Large-scale import restrictions and a somewhat hampering Russian economy have led to a strong and rapid growth of pig prices. Where meatpackers struggle to make ends meet, pork producers are planning their way up.
By Vladislav Vorotnikov
Data from the Russian Federal State Statistics Service show it clearly: Wholesale market pork prices in June 2014 hit record highs. Prices of 1 kg liveweight increased dramatically and grew by half since the beginning of the year reaching an average of 105 roubles (US$3.05) per kg liveweight and to 160 roubles ($4.66) per kg slaughterweight. At its height, prices reached levels of 125 roubles/ kg ($3.64) and 200 roubles/ kg ($5.82) respectively.
The reason behind these sharp pork price rises is related to a deficit in recent months, caused by a multitude of factors. Of course there is the border closure to pork from the European Union (EU), additional trading blocks due to problems with Porcine Epidemic Diarrhoea (PED) in North America – and also in March an increase in the exchange rate of the rouble. On top of that, the seasonal rise does not help. During the summer months, pork demand is the highest of the year.
Uncertainty is the result – and the future of prices will mostly depend on the duration of the import ban on EU pork. In its ambivalence, the Russian Meat Union considers the current situation to be quite favourable for pork producers as this is the time to expand production and to gain some benefits from the current market situation. Meanwhile, meat processors have found themselves in very tough circumstances, as the higher prices for raw pork, to be used for sausage production, has hit them strongly.
ASF in the EU
One of the major causes of the shortage is related to African Swine Fever (ASF). The disease has been present in Russia for several years now, and although outbreaks are still reported, the strongest actions taken by the Russian veterinary watchdog Rosselkhoznadzor date back to 2012 and 2013. Currently, direct effects of the disease on Russian pork supplies are not very strong.
The virus did not stop at the EU borders, as it was found in incidental wild boars in border areas of Poland, Lithuania and Latvia. As from January 30, Russia therefore closed its borders to pork imports from the EU. These volumes are not to be underestimated – about 350,000 tonnes of pork and about 300,000 tonnes of backfat and offal, which together make up about 60% of total pork imports. The ban had a direct effect on pork producers throughout the EU, as losses in Europe were estimated at €580 million.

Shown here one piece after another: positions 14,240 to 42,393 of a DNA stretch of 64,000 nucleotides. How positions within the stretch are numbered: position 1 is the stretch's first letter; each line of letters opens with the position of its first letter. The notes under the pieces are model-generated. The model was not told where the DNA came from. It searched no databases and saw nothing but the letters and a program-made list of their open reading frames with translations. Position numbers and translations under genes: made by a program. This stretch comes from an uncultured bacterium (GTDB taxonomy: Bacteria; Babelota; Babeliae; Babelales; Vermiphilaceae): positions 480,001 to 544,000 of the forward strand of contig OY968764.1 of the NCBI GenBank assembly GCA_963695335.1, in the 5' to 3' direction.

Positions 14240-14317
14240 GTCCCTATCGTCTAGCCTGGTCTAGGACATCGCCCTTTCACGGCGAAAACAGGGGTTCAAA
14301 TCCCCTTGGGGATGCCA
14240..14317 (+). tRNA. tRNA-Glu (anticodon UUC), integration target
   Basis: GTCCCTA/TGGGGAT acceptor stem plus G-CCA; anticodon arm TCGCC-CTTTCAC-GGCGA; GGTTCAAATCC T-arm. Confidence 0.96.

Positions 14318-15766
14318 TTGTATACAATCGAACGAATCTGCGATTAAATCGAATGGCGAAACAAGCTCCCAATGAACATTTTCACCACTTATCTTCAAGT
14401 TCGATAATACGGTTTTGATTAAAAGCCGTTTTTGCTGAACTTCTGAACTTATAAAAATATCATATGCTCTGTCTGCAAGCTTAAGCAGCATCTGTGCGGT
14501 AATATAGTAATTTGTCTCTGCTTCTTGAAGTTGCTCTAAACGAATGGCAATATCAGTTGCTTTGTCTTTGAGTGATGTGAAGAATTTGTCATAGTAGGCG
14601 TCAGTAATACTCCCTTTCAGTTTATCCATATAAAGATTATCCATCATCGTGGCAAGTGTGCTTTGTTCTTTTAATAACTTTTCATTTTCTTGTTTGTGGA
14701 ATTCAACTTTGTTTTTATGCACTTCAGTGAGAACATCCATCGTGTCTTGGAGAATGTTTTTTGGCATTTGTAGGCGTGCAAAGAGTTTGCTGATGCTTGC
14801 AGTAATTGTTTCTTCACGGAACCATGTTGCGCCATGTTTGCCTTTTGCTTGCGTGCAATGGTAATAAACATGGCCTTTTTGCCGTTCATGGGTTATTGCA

Russian processors, however, also suffered losses, which according to estimates vary between €30-60 million. This is related to the fact that Russian meatpackers use the offal, backfat and cheap pig parts for further processing in their sausages.
Both in Russia and in the European Union, there is talk that the Russian ban is not justified and that it is motivated by a political background. It is assumed that Russia is taking such steps in response to the political situation around Ukraine – or perhaps to stimulate the development of the domestic pork industry.Rosselhoznadzor, however, repeatedly denied all these allegations.
The effect of the ban, however, appears to be much stronger than the Russian authorities expected. Russia continues to lose imports of pork as the United States and Canada also face the consequences of PED, causing imports from these countries also to be stopped. Imports from South America have become extremely expensive due to the rising exchange rate of the rouble, so the Russian Union of Pig Producers is currently expecting that by the end of the year Russia will face a drop in pork imports by 50% or even higher in comparison to 2013, which would be a catastrophe for the meat processing sector.
Meat processors already say that their business has been facing some problems due to the rise of prices for their raw materials. “We haven’t seen any such price hikes for raw materials before,” says Anatoly Kosinski, chairman of the National Union of Meat Processors. “The previous historical maximum occurred at the beginning of 2012, when prices for liveweight pigs cost 98 roubles/ kg ($2.85). Later, prices fell to 65 roubles ($1.89). This time it seems that the current price rates will remain unchanged for a long time.”